Academicians slam Bengaluru’s road widening

71 academicians from Bengaluru submitted a public statement to BBMP on Thursday, slamming the road widening plans. The statement was addressed to S Suresh Kumar, Minister for Urban Development, Mayor Sharadamma, Deputy Mayor, S Harish, A Ravindra, Advisor to the CM on Urban Affairs, K Jairaj, Additional Chief Secretary, K M Shivakumar, Additional Chief Secretary, Urban Development Department (UDD), S K Lohia, Director, Urban Transport and BBMP Commissioner Sidddaiah.

In the statement the researchers and academicians from IISc, National Centre for Biological Sciences (NCBS), Nature Conservation Foundation (NCF), IIMB and astrophysicists from Raman Research Institute, requested BBMP to look at the environmental aspect before announcing projects that require tree cutting. The statement requested the authorities to look at sustainable alternatives.

The statement was submitted by Dr Harini Nagendra, Ecologist, ATREE, Jahnavi Pai, Ecologist, ATREE and Dr H S Sudhira from Indian Institute of Human Settlements (IIHS), on behalf of the academicians. Harini Nagendra is the author of ‘Green were the citizens?‘ a Citizen Matters special feature  chronicling Bengaluru’s green battles over the years, published this month.

Reproduced here is the statement submitted.

Bengaluruwide road widening is misguided, short term and environmentally destructive: Urgently requires scientific assessment

The recent felling of 18 trees by BBMP along the Sankey tank bund is a fallout of the misguided, short term and inadequate solution to increasing traffic congestion through road‐widening envisaged by Bengaluru’s elected representatives. Traffic congestion is undoubtedly one of the pressing issues in Bengaluru city. However, BBMP has been attempting to address this through ‘supply side measures’ – by way of road widening. On this pretext it has been systematically felling trees that have rendered the streets devoid of any shade or other ecosystem services.

We have reasons to believe that this approach is unscientific and unsustainable. Worldwide numerous scientific studies have pointed out that ‘supply side measures’ like road widening will not solve the problem of traffic congestion. In a congested network expanding the capacity by way of an additional link is only going to increase the traffic and will be counterproductive, as numerous studies have established. Instead, the introduction of ‘demand side management’ measures like regulation of on street parking and congestion tax will be much more useful to tackle congestion.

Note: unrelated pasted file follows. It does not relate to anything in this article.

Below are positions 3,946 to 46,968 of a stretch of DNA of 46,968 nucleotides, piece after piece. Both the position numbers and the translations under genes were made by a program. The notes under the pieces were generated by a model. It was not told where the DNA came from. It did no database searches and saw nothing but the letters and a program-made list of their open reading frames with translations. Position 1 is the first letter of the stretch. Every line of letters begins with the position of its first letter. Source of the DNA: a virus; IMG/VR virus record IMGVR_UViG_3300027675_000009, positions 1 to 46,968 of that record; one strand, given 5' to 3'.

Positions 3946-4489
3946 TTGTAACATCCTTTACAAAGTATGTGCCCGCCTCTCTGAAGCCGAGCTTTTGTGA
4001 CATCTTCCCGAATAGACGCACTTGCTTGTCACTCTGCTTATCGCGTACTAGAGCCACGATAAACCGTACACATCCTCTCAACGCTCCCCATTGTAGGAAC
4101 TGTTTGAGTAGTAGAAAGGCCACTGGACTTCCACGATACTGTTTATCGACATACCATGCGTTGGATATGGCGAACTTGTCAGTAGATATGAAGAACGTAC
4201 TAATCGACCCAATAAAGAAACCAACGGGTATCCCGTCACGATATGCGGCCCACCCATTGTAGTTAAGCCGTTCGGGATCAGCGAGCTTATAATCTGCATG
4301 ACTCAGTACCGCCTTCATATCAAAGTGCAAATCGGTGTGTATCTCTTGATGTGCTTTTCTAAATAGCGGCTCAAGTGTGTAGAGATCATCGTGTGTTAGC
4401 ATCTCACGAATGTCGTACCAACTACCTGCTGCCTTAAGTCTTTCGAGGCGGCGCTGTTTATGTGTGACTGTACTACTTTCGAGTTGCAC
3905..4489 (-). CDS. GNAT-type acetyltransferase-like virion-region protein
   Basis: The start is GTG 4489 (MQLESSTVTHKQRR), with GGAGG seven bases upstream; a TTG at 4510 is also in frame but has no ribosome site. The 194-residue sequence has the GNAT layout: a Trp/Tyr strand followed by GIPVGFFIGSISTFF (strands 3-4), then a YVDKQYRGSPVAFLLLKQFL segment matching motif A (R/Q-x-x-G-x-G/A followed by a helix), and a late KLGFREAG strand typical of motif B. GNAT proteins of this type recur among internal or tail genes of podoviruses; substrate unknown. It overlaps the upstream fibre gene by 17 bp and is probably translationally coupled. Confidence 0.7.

This leads us to question the felling of trees for the purpose of road‐widening. The trees that were felled along the bund of Sankey tank included Syzigium, Tamarind and 3 species of Ficus – all important resources for supporting urban biodiversity. This felling unfortunately represents just a small fraction of the massive loss in tree cover that Bengaluru will experience as a consequence of road widening. A mega project of road‐widening has been planned for 216 roads in Bengaluru.

There is extensive research demonstrating how street trees are crucial for a city, providing crucial environmental services, reducing temperature and mitigating air pollution, as well as providing important ecological habitats and corridors for many migratory and endangered species. Though the BBMP claims to plant 2‐3 saplings for each tree that is felled, these saplings are not planted on the same roads where felling is done, or even in publicly accessible areas but instead they are planted in remote locations. Their survival rate is poor, and it takes at least a couple of decades for saplings to grow to provide anywhere near the same environmental and ecological benefits that these large felled trees provide today.

A sterile and concretised urban environment is not only unsustainable but also unhealthy for city‐dwellers. We urge that a thorough, scientific assessment of environmental and social impacts of projects must be undertaken, including verification of claims of reduction in traffic congestion, before executing these large scale, ill designed, faulty and environmentally damaging plans for massive road widening at the city scale in Bengaluru.

List of Academicians and Researchers endorsing the Public Statement

1. Dr Arati Chokshi

2. Dr Bhaskar Acharya, Wildlife Biologist

3. Dr Geetha Nayak, Ecologist

4. Dr M.B. Krishna, Ornithologist

5. Dr Ravi Chellam, Wildlife Biologist and Conservation Scientist

6. Dr Robin King, Economist

7. Dr S. Subramanya, Ornithologist

8. Sujaya Rathi, Transportation Planner

9. Dr Aravind Madhyastha, Ecologist, Ashoka Trust for Research in Ecology and the

Environment

10. Dr G Ravikanth, Ecologist, Ashoka Trust for Research in Ecology and the Environment

11. Dr Harini Nagendra, Ecologist, Ashoka Trust for Research in Ecology and the Environment

12. Jahnavi Pai, Ecologist, Ashoka Trust for Research in Ecology and the Environment

13. Dr R Ganesan, Ecologist, Ashoka Trust for Research in Ecology and the Environment

14. Dr Shrinivas Badiger, Environmental Analyst, Ashoka Trust for Research in Ecology and the Environment

15. Dr Sunita Rao, Ecologist, Ashoka Trust for Research in Ecology and the Environment

16. Prof Sharacchandra Lele, Environmental Analyst, Ashoka Trust for Research in Ecology and the Environment

17. Prof D Jeevan Kumar, Centre for Gandhian Studies, Bangalore University

18. Deepa Srivathsa, Institute of Ayurveda and Integrative Medicine, Foundation for the Revitalisation of Local Health Traditions (FRLHT)

19. Geetha Suresh, Institute of Ayurveda and Integrative Medicine, FRLHT

20. Prakash B N, Ayurvedic Physician, Institute of Ayurveda and Integrative Medicine, FRLHT

21. R Sumathi, Institute of Ayurveda and Integrative Medicine, FRLHT

22. Tabassum Shariff, Institute of Ayurveda and Integrative Medicine, FRLHT

23. Dr H S Sudhira, Indian Institute for Human Settlements

24. Prof. A. Damodaran, Economics and Social Sciences, Indian Institute of Management

Bangalore